# Walk like a duck

When Emil Mazey, secretary-treasurer of the United Auto Workers at a labor meeting in 1946 raised, pointed at someone accusing him of being a communist, he said: “I can’t prove you are a Communist. But when I see a bird that quacks like a duck, walks like a duck, has feathers and webbed feet, and associates with ducks — I’m certainly going to assume that he is a duck.”

Emil used a form of reasoning in which it is necessary to investigate an unknown problem by observing similar characteristics that occur in other cases. It’s called the duck test.

Let’s say that integers have values and functions also. Integers are sold as actions, for instance, sums. Also, you can throw them with dice. What are you going to conclude?

Are numbers objects or arrows, behavior or data?

Normally numbers are objects, the element of a set N ={ …-1,0,1,2,3…}.

But a number is also a morphism, for instance, the number one: 1 -> 1.

Neumann showed that each ordinal is the well-ordered set of all smaller ordinals.

0 = { } = ∅

1 = { 0 } = {∅}

2 = { 0, 1 } = { ∅, {∅} }

3 = { 0, 1, 2 } = { ∅, {∅} , {∅, {∅}} }

4 = { 0, 1, 2, 3 } = { ∅, {∅} , {∅, {∅}}, {∅, {∅}, {∅, {∅}}} }

But even if “most mathematicians prove what they can, von Neumann proves what he wants,” (1) he could not see the most generic abstraction of category theory.

The most interesting application of monoid does not relate only to numbers (int, long, short, byte) but string(s).

A “string” represents texts as a sequence of UTF-16 code units, so it’s a sequential collection of characters.

For instance, in C#:

`char[] chars = { 'w', 'o', 'r', 'd' };sbyte[] bytes = { 0x41, 0x42, 0x43, 0x44, 0x45, 0x00 };string stringFromBytes = null;string stringFromChars = null;unsafe{   fixed (sbyte* pbytes = bytes)   {      // Create a string from a pointer to a signed byte array.      stringFromBytes = new string(pbytes);   }   fixed (char* pchars = chars)   {      // Create a string from a pointer to a character array.      stringFromChars = new string(pchars);   } }`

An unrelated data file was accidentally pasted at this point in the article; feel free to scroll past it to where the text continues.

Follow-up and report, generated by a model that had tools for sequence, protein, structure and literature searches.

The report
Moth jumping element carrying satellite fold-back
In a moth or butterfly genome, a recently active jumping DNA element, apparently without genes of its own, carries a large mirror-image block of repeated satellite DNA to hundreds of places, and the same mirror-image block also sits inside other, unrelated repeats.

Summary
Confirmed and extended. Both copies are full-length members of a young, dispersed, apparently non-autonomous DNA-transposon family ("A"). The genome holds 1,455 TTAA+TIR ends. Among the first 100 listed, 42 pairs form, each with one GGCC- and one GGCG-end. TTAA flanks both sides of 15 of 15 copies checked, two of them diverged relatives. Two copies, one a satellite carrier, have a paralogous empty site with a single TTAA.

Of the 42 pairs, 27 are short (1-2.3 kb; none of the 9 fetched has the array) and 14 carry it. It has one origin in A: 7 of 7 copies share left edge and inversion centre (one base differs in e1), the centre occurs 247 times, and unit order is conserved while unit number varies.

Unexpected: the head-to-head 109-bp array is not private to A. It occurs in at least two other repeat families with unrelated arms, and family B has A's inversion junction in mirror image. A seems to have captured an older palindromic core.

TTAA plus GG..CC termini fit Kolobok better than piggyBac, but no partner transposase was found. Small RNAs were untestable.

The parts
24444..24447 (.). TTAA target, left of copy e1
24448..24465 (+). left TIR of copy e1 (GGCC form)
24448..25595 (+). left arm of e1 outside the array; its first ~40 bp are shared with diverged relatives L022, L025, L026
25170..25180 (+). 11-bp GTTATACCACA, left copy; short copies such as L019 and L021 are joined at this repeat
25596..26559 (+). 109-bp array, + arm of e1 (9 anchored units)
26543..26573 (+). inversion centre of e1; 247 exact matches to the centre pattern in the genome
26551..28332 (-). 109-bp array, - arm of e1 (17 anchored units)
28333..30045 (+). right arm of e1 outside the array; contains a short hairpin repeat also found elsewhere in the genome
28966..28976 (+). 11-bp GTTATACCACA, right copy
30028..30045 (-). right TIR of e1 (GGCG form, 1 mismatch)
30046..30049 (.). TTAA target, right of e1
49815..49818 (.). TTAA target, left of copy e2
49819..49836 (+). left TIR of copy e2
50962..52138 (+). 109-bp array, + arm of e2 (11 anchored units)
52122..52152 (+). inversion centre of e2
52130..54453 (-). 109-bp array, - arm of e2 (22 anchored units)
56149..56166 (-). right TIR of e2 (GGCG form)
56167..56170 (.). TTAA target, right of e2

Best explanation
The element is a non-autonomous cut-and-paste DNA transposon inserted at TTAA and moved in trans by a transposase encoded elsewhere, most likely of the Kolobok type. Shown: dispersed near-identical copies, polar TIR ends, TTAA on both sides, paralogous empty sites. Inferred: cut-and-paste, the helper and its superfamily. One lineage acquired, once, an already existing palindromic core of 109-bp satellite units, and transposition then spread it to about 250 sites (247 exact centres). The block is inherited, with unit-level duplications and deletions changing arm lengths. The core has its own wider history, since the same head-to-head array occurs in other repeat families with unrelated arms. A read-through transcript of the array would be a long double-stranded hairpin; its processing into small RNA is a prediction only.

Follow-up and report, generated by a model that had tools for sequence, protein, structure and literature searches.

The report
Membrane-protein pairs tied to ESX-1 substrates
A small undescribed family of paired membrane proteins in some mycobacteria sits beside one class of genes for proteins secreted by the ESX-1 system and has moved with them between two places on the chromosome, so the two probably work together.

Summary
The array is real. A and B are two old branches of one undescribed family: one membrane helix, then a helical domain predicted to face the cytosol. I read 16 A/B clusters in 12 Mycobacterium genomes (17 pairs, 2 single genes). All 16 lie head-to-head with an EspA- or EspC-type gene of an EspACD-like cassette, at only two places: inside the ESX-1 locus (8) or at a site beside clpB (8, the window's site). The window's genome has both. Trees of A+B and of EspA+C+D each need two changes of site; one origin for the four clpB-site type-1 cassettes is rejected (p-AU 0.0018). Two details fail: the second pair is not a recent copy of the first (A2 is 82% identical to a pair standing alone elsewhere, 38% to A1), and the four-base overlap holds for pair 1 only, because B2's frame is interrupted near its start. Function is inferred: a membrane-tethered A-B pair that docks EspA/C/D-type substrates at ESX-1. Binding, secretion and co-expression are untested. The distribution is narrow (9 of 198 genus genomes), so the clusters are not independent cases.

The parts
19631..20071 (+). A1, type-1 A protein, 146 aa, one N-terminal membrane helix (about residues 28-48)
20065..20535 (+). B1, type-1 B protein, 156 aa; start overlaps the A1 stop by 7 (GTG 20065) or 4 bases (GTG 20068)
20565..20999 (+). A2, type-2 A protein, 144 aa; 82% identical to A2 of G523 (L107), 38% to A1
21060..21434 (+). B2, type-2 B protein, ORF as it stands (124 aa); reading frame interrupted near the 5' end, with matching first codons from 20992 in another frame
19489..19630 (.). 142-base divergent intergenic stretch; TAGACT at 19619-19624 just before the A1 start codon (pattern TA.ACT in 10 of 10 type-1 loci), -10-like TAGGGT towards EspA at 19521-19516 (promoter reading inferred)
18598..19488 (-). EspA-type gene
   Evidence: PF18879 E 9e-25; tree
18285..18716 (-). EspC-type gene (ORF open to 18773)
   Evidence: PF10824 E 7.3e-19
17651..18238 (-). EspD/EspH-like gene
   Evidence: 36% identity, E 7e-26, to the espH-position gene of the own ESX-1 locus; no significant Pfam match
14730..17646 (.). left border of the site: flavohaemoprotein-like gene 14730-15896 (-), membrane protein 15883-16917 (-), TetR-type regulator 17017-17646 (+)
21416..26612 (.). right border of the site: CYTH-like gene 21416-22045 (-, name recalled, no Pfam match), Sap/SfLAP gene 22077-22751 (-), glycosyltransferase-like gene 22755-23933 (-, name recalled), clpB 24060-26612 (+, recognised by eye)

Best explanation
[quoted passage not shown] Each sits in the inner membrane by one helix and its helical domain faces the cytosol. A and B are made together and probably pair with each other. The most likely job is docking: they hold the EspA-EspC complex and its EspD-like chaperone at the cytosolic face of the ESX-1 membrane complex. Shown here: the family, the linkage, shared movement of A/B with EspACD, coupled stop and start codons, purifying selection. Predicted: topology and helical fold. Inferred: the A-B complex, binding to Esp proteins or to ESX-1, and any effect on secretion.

In F# we can use a module to represent a monoid.

`namespace Mahamudra.Functionsopen Systemmodule Monoid =     /// the identity arrow    let identity = String.Empty     /// composition law    let ( >> ) α β = α + βmodule Test =    open Monoid     let string = "yup"     /// is the identity satisfied?    printfn "Is the string %A >> with identity %A equal to the string itself %A" string  identity (string >> identity)        /// associative law    let α = "this is "    let β = "a "    let γ = "sentence "    printfn "α=%A, β=%A, γ=%A // (α >> β) >> γ = α >> (β >> γ) %A >> %A = %A >> %A // %A=%A"  α β γ (α>>β) γ α (β>>γ)  ((α>>β)>>γ) (α>>(β>>γ))`

And finally the output:

Is the string yup >> with identity equal to the string itself yup

α=this is , β=a , γ=sentence // (α >> β) >> γ = α >> (β >> γ) this is a >> sentence = this is >> a sentence // this is a sentence =this is a sentence

A complete non sequitur being.

## More from Mauro Ghiani

A complete non sequitur being.